Hiking: It’s Our Culture

Today, we’re setting out on a long hike known as Yam L’Yam, or Sea to Sea.  This three-day trek will take us from the Mediterranean to the Kinneret (Sea of Galilee). 

It seems like quite an adventure.  Hiking with giant packs, sleeping at campgrounds, and walking a total of 75 kilometers over 3 days is a physical endeavor that many people would never attempt.  But the funny part?  It seems like every Israeli we talk to has actually hiked Yam l’Yam themselves.

It shouldn’t come as a surprise. 

Hiking, trekking, and generally walking the Land is part of Israeli culture.  From a young age, children go on “tiyulim” in school.  These excursions almost always involve long walks through some of the most beautiful spots in the country.

This isn’t a Land of cushy field trips.  School outings to amusement parks or museums are the exception, not the rule.  When we go hiking as a family, we frequently run into spots that our children have already visited on a school outings.  And it’s not just the easy hikes.  School trips to Eilat often include a hike up Mount Shlomo.  A trip up North and they’re climbing in the Biriya.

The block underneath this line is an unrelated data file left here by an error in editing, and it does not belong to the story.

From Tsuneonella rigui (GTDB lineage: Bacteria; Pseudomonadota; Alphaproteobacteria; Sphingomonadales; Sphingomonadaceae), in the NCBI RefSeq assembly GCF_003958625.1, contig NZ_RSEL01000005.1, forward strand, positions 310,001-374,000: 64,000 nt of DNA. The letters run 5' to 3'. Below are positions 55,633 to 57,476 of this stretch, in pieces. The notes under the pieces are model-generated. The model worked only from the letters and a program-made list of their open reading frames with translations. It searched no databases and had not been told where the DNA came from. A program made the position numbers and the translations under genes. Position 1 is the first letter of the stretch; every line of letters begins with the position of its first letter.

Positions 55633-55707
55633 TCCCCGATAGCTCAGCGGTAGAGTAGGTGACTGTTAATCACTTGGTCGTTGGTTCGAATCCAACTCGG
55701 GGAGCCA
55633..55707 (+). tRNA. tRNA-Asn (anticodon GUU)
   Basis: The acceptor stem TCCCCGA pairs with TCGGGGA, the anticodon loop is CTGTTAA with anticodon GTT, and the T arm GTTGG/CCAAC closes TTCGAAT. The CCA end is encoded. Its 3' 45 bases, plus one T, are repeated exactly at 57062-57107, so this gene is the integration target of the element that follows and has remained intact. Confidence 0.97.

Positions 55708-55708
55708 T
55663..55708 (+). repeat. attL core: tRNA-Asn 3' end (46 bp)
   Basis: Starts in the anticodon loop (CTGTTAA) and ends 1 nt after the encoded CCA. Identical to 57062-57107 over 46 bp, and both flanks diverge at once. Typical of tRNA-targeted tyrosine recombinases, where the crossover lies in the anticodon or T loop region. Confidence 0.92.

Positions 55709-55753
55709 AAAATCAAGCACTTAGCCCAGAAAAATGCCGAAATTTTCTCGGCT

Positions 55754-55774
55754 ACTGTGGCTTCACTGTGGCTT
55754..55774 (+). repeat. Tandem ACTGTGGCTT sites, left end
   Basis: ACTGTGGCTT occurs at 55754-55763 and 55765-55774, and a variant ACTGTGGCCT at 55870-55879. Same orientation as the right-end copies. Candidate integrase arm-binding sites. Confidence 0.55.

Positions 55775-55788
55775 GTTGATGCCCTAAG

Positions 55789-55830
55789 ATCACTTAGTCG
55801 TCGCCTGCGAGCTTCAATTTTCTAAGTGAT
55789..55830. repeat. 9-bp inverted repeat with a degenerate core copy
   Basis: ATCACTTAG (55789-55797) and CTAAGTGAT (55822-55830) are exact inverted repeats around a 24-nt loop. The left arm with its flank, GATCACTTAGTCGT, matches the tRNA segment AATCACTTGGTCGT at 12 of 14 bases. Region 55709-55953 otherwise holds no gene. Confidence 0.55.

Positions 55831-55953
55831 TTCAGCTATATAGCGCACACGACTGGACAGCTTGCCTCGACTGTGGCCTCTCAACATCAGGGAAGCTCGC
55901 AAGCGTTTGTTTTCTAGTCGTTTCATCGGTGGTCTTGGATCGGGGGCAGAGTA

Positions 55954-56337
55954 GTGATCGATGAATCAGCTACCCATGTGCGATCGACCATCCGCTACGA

After high school, most kids enlist in the army.  This tough, but character building experience gives young adults another opportunity to get to know the country.  Between drills and long night treks, young men and women build physical strength and endurance outdoors.

And so, it continues into adulthood.  Israelis see getting outside as an important activity.  Visiting, learning about, and experiencing the different natural areas of Israel is part of what it is to live and grow up here.

As a latecomer to the Land of Israel, I don’t take this for granted.  I’m in awe of this society: Israeli culture simply values outdoor exploration and getting to know nature.  This means that my kids have grown up understanding the importance of physical activity in the great outdoors.  Going hiking is part of the experience of growing up in Israel. 

Maybe hiking from one side of the country to the other is no unique adventure, here in Israel.  But I’m thankful to live in a place where something as momentous as a three day trek is practically a shared national experience.

It’s what Israelis do.

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